Scarlet Oak (Quercus coccinea) –

Scarlet Oaks are a large deciduous tree with a rounded, open canopy of glossy foliage that can reach 75 ft tall occasionally reaching 150 ft tall; it is well known for its gorgeous fall color. Its bark is brown with fine scaly ridges, the inner bark is red to orangish-pink. New growth twigs are smooth and reddish-brown in color; oblong, reddish brown buds are clustered with 5-angled cross sections. Leaves are oval to elliptic, 3- 6” long and 3-5” wide, margins with 5 - 9 lobes; the top of the leaves are a glossy light green, with tufts of matted woolly down beneath. Leaves turn scarlet red in the fall. The catkins appear just before the new leaves emerge. The acorns of this oak are small to medium in size (½ - 1 inch long) and form in pairs or singly. Concentric rings occasionally form around the tip of the nut; they mature in two years and ripen in the fall. The scales of the bowl-shaped cap are shiny, generally rigid and covers about half of the nut.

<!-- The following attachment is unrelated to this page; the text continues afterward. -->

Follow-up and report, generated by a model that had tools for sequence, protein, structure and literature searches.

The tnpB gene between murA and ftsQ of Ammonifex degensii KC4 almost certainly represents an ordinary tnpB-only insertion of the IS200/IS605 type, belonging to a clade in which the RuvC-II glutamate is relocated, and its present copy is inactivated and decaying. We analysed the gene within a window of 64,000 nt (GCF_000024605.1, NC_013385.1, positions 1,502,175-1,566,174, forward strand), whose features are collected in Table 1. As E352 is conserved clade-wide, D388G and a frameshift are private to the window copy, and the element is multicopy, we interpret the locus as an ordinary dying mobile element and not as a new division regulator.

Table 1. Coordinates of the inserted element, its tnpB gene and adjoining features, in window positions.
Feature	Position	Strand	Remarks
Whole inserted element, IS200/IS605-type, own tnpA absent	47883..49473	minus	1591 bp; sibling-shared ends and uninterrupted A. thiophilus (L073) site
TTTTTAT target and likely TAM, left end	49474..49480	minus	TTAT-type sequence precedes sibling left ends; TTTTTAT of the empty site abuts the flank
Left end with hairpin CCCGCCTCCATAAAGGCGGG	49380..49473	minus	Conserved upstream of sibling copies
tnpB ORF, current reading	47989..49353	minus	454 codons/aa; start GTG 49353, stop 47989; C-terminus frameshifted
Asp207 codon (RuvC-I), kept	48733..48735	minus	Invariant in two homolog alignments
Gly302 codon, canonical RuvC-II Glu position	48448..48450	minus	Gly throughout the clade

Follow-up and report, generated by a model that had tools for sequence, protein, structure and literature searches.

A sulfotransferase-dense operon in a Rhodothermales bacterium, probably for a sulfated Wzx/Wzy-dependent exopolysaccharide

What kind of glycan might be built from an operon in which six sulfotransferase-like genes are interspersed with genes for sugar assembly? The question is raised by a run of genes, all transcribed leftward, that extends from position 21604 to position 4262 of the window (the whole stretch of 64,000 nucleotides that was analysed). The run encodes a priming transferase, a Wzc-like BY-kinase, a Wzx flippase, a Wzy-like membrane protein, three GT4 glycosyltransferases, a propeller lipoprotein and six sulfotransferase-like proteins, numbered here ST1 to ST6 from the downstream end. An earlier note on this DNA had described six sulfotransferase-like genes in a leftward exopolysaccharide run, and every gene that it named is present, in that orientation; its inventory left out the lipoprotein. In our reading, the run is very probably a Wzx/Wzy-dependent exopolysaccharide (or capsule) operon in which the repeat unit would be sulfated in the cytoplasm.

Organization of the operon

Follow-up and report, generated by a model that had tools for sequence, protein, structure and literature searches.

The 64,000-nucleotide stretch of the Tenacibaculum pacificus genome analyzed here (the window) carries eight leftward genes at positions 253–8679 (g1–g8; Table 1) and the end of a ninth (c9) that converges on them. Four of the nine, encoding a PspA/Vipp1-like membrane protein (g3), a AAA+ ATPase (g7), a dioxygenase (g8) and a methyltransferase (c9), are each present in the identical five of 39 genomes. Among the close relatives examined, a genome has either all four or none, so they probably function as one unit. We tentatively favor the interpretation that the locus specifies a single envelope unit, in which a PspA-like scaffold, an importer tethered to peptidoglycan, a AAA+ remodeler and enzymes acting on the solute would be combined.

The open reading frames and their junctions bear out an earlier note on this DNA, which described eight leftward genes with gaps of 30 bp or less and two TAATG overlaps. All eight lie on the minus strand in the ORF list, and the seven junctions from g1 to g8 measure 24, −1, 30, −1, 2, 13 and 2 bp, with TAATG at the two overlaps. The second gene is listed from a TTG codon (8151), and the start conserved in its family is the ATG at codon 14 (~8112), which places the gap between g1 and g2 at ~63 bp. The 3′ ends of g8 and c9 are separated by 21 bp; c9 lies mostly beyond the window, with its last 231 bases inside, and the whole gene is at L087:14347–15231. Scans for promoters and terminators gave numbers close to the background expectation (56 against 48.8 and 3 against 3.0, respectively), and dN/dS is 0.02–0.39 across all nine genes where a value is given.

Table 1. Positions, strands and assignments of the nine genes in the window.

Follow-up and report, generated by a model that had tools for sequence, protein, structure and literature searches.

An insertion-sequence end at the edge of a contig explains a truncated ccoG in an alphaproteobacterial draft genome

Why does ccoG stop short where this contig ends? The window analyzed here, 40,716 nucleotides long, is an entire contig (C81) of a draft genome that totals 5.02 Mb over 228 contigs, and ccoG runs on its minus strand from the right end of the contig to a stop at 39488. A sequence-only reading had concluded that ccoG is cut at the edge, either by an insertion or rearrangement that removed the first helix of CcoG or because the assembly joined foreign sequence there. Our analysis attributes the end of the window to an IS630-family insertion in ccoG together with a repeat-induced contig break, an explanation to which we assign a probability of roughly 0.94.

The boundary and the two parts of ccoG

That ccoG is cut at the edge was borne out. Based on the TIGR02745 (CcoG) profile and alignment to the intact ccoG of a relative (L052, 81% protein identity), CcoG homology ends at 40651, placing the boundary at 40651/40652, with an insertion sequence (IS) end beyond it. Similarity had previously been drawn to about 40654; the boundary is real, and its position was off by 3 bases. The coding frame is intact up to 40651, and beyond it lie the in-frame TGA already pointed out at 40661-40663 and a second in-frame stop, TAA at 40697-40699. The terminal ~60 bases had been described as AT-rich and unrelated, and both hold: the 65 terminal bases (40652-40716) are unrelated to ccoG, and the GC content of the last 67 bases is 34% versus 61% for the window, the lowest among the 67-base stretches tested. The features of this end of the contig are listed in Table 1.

Shumard Oak (Quercus shumardii) –

The Shumard oak is a medium sized, deciduous tree that is pyramidal in youth but eventually spreads into a broad open canopied tree with age. This tree typically grows moderate to fast, and to a height of 40-60'. Shiny, dark green leaves (6-8" long) with deep, spiny lobes (7-9 lobes) turn reddish brown late in autumn. Insignificant flowers appear in early spring as the leaves emerge. Egg shaped acorns (1/4-1 inch) with a flattened, shallow cup will mature the second year. Acorns will not appear until the tree 25 years old or older.

California Black Oak (Quercus kelloggii) –